The growth of the biofuels industry in Britain may have the potential to turn the country into a net importer of wheat for the first time in its history, according to the British National Farmers’ Union

The farm lobby estimates that 13.9 million tonnes of wheat (about 14.9 million United States tons) will be produced in 2009 — 3.4 million tonnes lower than 2008, because of decreased yields and lower plantings.

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Meanwhile, two new biofuel projects are set to consume 2.3 million tonnes of British wheat next year.

If these trends continue, the lobby noted last week, it could bring to an end to Britain’s self sufficiency in wheat.

”In a poor harvest, Britain may need to meet domestic demand by shipping in extra supplies from other producers such as Canada or France,” Ian Blackhouse, the chairman of the National Farmers’ Union’s combinable crops board, was quoted as saying in an interview with The Times of London last week.

The farming lobby has generally welcomed the news, which should help support grain prices and see improvements in Britain’s farming sector.

But not everyone viewed the development as a positive sign.

Commenting at his blog, Madsen Pirie, the president of the Adam Smith Institute, Britain’s leading free-market economic and social think tank, said:

Of all the insanities committed in the name of green politics, one of the most insane is the production of biofuels from food crops. In pursuit of increased proportion of energy from renewable sources, governments have realized that wind and solar power cannot make sufficiently large contributions. They have therefore turned to biofuels, a move that hugely delights their farming lobbies.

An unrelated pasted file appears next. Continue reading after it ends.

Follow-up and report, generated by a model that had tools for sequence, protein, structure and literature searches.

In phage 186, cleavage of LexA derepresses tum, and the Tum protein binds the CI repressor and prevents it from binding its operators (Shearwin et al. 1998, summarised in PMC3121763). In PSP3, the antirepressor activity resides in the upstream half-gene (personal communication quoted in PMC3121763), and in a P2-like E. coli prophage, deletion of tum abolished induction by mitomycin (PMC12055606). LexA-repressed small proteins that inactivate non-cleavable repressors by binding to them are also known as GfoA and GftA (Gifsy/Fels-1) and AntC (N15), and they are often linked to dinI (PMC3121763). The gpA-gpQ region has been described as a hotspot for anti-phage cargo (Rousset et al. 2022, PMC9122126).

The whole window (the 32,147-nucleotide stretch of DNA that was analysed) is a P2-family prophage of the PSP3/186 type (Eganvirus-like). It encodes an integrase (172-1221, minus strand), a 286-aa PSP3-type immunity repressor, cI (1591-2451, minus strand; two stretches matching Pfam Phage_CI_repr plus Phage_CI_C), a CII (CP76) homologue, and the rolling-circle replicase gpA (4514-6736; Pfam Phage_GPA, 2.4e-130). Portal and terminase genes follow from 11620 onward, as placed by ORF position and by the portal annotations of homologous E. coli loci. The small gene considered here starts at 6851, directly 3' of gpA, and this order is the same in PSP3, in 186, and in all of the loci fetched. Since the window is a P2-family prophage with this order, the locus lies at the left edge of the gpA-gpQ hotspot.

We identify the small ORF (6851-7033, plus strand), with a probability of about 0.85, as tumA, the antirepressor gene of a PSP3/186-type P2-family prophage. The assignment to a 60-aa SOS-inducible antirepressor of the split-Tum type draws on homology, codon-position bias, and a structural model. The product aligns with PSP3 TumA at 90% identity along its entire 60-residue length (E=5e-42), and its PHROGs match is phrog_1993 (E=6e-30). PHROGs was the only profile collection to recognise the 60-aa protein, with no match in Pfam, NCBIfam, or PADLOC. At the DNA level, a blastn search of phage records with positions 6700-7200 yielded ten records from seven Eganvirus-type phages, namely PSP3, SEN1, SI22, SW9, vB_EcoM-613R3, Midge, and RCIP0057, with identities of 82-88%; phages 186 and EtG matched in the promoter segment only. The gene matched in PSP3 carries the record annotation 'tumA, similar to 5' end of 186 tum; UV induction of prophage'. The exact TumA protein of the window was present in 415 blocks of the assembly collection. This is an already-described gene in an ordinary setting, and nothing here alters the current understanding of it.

One $400 million dollar biofuel plant — set to become largest wheat refinery in Europe — owned by Ensus, a bioethanol company backed by American private equity companies Carlyle Group and Riverstone Holdings — will source 1.2 million tonnes of feed wheat to produce over 400 million litres of bioethanol a year.

All the biofuel will be purchased by the Dutch energy giant, Shell.

A second $400 million refinery constructed by the energy company BP, the international food and retail group Associated British Foods, and DuPont, the American chemicals company, will require 1.1 million tonnes of wheat to produce 110 million gallons of bioethanol.

It is scheduled for completion in 2010.

Both refineries are angling to capitalize on British and European Union targets to reduce carbon emissions from road transport though biofuels.

And both refineries say they plan to use low-quality wheat sources, which are normally used for animal feed, rather than using the high-grade wheat that normally goes toward making bread.

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